pigeon skeletonThe next time you're eating chicken or turkey and crack open a bone, pay special attention to its adaptations for flight. First of all, notice that relatively large bones such as those inside drumsticks are light and air-filled. Pork and beef bones in comparison are dense and solid. Some hollow bird bones are even equipped with cross walls, which provide extra strength, like internal struts in airplane wings.

A bird's horny bill is part of the skeleton, and even it, in view of the heavy-duty work it does, is amazingly thin and lightweight. It's significant that bird bills contain no heavy teeth. Fossils of the earliest birds do have teeth, like the birds' reptilian ancestors, so the lack of teeth is an adaptation reducing weight for flying.

Continuing your bird-meal, be sure to admire the large breastbone (highlighted in the drawing). White meat of chicken and turkey breasts is the birds' powerful flight muscles, the ones responsible for pulling wings downward against air, keeping the bird aloft. These strong muscles need solid anchoring, and that's the breastbone. In wild birds, the more powerful the flier, the larger the breastbone; flightless birds such as penguins lack breastbones altogether.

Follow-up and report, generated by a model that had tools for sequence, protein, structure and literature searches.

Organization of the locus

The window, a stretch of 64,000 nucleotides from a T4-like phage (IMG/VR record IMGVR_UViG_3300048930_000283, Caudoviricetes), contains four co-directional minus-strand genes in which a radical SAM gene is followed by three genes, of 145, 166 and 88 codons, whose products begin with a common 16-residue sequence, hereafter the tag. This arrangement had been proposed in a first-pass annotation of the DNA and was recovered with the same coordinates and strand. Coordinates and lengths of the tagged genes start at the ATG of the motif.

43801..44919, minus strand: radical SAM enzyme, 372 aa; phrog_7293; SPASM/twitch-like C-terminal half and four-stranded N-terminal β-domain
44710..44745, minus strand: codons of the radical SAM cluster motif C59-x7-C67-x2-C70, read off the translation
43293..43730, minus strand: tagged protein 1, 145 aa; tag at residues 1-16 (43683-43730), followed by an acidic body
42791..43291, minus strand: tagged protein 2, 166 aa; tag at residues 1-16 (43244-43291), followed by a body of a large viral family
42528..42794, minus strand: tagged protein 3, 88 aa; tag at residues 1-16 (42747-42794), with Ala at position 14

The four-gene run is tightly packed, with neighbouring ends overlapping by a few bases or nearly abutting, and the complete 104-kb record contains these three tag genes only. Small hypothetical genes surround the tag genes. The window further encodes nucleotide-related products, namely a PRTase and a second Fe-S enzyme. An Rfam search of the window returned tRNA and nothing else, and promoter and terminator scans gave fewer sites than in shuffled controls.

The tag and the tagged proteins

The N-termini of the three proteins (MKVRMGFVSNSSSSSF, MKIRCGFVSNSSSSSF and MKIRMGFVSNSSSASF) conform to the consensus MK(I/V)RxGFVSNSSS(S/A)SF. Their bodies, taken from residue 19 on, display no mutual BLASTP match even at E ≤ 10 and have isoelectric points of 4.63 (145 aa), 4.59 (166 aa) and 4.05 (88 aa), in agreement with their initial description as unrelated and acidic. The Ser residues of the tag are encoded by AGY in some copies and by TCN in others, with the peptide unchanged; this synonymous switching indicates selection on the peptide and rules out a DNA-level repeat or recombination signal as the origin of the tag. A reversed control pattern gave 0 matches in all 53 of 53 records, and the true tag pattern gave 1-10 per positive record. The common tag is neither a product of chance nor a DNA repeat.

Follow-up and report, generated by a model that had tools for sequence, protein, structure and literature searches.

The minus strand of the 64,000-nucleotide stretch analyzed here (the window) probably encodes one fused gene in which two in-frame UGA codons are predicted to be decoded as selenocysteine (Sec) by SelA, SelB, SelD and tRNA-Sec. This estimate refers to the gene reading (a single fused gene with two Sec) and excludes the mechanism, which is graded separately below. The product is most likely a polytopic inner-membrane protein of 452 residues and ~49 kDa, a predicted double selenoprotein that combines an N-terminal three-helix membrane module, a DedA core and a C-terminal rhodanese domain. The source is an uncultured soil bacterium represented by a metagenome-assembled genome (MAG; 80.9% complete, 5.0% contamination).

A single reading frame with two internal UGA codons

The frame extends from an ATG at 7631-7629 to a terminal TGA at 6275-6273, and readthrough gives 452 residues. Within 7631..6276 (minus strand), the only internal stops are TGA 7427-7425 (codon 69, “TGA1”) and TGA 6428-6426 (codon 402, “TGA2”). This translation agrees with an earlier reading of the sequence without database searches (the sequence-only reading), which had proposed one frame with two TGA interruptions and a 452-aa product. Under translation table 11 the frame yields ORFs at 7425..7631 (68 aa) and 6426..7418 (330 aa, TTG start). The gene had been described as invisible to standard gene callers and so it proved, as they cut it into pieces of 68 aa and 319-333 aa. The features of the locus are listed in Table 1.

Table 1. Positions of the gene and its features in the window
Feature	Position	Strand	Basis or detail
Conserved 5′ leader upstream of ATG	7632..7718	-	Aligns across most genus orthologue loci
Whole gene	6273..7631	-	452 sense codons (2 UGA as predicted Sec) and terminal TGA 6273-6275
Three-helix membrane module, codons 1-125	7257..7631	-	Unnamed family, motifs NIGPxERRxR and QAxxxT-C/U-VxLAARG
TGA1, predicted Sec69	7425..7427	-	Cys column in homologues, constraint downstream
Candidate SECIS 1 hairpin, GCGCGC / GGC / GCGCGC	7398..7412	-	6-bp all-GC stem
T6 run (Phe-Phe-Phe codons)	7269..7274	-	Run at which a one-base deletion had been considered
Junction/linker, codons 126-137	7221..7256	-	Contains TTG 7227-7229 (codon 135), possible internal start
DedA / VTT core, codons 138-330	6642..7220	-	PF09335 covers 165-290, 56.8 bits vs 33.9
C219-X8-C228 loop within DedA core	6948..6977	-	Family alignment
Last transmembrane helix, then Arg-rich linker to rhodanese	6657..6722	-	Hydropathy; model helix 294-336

Have you ever wondered why white breast-meat is different from regular bird flesh? White breast-meat is composed of narrow, white muscle fibers that don't burn free oxygen for their energy, as regular muscles do. The technical way of saying this is that metabolism in white muscle fibers is anaerobic instead of aerobic. Anaerobic breast muscles in ground-dwelling birds such as chickens and turkeys is desirable because during these birds' brief spurts of flight to escape enemies (you never see these species soaring like songbirds), their circulatory system can't supply oxygen fast enough to the flight muscles. White muscle fibers are good for brief, very intense work, but they tire quickly.

While nibbling in the breast area, when you come to the curiously Y-shaped "wishbone," notice how it's positioned. The bone's "handle" projects forward to prevent collapse of the chest during flight. In the drawing you can't see the wishbone's Y shape because we are looking at it from the side.